An unbiased look at confrontation between Yukos and the authorities reveals a rather boring picture. The Yukos case is approaching the long-expected final stage: the oil major has started paying its 99-billion rouble ($3 bln) tax bill in compliance with a court ruling.
The Russian Ministry of Taxes and Levies has now presented its claims in the amount of about 200 bln roubles (more than $6 bln) to Yukos on the results of inspection of its operation in 2000 and 2001. The arbitration court has confirmed the tax claims for 2000.
The key question for private investors now is not the Yukos case but its consequences, meaning what will happen to the investment climate in Russia. We know the rumours and fears, but what are the facts?
Previous investment trends promised an investment influx in February-March after the traditional November-January pause. This year the expectations did not come true, possibly because of Yukos, but there is no reliable proof of this. Stock market experts say the crux of the matter is not a general change in the climate but the political conflict between the authorities and Khodorkovsky, which must not affect other market participants. Many experts say that if everything is being done perfectly legally in the district and arbitration courts and this is not the beginning of re-nationalisation, the investment pause will not be long.
However, Igor Yurgens, vice-president of the Russian Union of Industrialists and Entrepreneurs, says, "If Yukos defaults in August, the ratings of all Russian borrowers will plummet." The worst thing would be if Russian oligarchs stopped investing in Russia. If their investments drop from 80% to 20% of profits, this may become a much more serious problem for the national economy than a change in the mood of Western investors. Having said that, Western companies and nationals invested in Yukos, too, and if the oil major loses its licenses and/or other assets, the investors will lose a great deal of money.
But then, this will hardly happen, as Yukos is a global company whose capitalisation was $40 bln only recently. It should have something left after the repayment of all the debts - unless its shareholders find a super-clever method of dispersing its assets.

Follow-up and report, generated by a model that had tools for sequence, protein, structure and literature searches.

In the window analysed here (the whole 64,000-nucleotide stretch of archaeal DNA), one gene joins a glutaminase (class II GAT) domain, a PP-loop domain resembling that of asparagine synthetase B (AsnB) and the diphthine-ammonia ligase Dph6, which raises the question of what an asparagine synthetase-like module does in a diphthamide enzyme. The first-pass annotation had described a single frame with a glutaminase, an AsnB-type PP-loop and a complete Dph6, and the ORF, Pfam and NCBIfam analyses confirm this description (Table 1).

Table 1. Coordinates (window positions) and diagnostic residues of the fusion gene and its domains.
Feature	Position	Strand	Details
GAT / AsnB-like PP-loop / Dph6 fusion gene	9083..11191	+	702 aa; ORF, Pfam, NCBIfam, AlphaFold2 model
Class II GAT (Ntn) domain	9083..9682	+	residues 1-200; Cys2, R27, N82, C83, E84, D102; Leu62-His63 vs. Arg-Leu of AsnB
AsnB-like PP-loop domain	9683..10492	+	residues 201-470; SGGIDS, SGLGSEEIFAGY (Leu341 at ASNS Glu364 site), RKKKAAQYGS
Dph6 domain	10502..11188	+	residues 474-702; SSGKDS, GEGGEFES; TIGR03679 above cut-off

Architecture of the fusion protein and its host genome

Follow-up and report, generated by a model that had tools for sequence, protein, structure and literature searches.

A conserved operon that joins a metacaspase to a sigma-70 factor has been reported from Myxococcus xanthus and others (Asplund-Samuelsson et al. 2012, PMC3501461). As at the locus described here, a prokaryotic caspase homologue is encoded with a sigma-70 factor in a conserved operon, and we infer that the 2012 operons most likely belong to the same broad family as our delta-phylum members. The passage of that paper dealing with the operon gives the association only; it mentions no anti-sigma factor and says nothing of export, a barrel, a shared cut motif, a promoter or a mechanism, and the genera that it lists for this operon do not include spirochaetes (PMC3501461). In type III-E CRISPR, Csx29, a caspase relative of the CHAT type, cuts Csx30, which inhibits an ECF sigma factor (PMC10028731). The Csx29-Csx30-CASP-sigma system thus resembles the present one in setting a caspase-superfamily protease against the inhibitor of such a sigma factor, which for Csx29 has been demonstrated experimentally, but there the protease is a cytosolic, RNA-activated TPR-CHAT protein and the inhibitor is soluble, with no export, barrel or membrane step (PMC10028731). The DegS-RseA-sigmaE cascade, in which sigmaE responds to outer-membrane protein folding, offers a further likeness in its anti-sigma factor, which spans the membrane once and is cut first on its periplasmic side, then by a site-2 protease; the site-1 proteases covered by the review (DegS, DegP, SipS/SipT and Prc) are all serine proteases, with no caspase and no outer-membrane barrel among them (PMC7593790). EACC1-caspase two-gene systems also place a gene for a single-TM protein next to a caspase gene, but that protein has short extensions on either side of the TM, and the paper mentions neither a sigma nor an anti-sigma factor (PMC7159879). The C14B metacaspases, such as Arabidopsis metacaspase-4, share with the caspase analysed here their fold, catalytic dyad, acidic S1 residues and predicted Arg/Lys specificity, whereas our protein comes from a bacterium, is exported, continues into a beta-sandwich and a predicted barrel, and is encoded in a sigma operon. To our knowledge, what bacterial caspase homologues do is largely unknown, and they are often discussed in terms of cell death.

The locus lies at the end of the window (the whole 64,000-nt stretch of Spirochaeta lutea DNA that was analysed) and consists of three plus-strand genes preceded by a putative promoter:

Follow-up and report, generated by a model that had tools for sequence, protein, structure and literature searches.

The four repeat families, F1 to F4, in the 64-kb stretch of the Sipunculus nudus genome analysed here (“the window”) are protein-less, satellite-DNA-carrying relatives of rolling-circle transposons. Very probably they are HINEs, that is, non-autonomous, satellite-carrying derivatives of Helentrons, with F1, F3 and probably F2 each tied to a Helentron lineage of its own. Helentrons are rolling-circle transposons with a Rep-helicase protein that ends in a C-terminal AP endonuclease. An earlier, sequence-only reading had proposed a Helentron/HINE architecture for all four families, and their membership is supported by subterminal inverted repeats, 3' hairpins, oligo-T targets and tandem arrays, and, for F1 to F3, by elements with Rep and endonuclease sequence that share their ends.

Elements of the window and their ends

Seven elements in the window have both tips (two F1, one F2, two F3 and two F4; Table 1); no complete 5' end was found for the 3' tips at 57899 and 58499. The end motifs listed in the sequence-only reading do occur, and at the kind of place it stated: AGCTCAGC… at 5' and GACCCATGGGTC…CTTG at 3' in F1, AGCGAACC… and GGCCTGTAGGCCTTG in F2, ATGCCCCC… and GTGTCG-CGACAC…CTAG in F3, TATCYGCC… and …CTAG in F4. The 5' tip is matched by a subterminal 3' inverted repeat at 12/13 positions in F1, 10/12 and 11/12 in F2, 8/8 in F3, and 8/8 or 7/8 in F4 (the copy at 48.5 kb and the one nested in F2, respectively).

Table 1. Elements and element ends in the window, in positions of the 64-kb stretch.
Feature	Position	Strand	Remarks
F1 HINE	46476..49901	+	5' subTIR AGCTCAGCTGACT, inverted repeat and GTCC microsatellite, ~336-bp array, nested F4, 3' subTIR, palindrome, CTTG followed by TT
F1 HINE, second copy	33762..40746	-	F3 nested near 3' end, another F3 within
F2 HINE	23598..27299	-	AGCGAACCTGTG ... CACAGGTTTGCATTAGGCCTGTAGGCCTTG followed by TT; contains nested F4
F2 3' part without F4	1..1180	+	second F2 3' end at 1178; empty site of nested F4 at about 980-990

Anyway, these are the "what if" and "maybe" aspects of the Yukos case, which the Russian government views as highly beneficial to the national economy. Indeed, tax collection to the federal budget has grown by 17% to 1.48 trillion roubles in January-June 2004. Receipts from profit tax have grown by 56%, VAT by more than 10%, and income tax, by 27%.
Deputy Finance Minister Sergei Shatalov explained this, "in part, by the consequences of the Yukos case, which spotlighted the danger of using tax optimisation schemes." In other words, the outflow of capital and a fall in investments are only probables, while the increase in tax collection is a solid fact.
As for forecasts, the most pessimistic of them is: potential capital outflow will slow economic growth and the 6-8% GDP growth rate will drop to 2-4%. On the other hand, no serious expert has speculated about an abysmal fall. The main engines of the Russian economy have been turned on and will ensure continued growth even with smaller investments.
Besides, it will be difficult to scare off investors, as potential returns from investment in Russia are higher than in Europe and America. Even a comparatively unsuccessful investment project in Russia has a profit margin of 10-20% a year, while successful investments in America earn no more than 5%.
It is a fact that there are only three countries with a giant growth potential this century: Russia, China and India. And investors will bring their money to them in the coming decades. Long-term trends are what matters to them; they have analysed the situation thoroughly and know that unless they invest in an emerging market today, they will stand to lose 10-20 years down the line. Against this planetary background, the Yukos saga looks like a minor incident.
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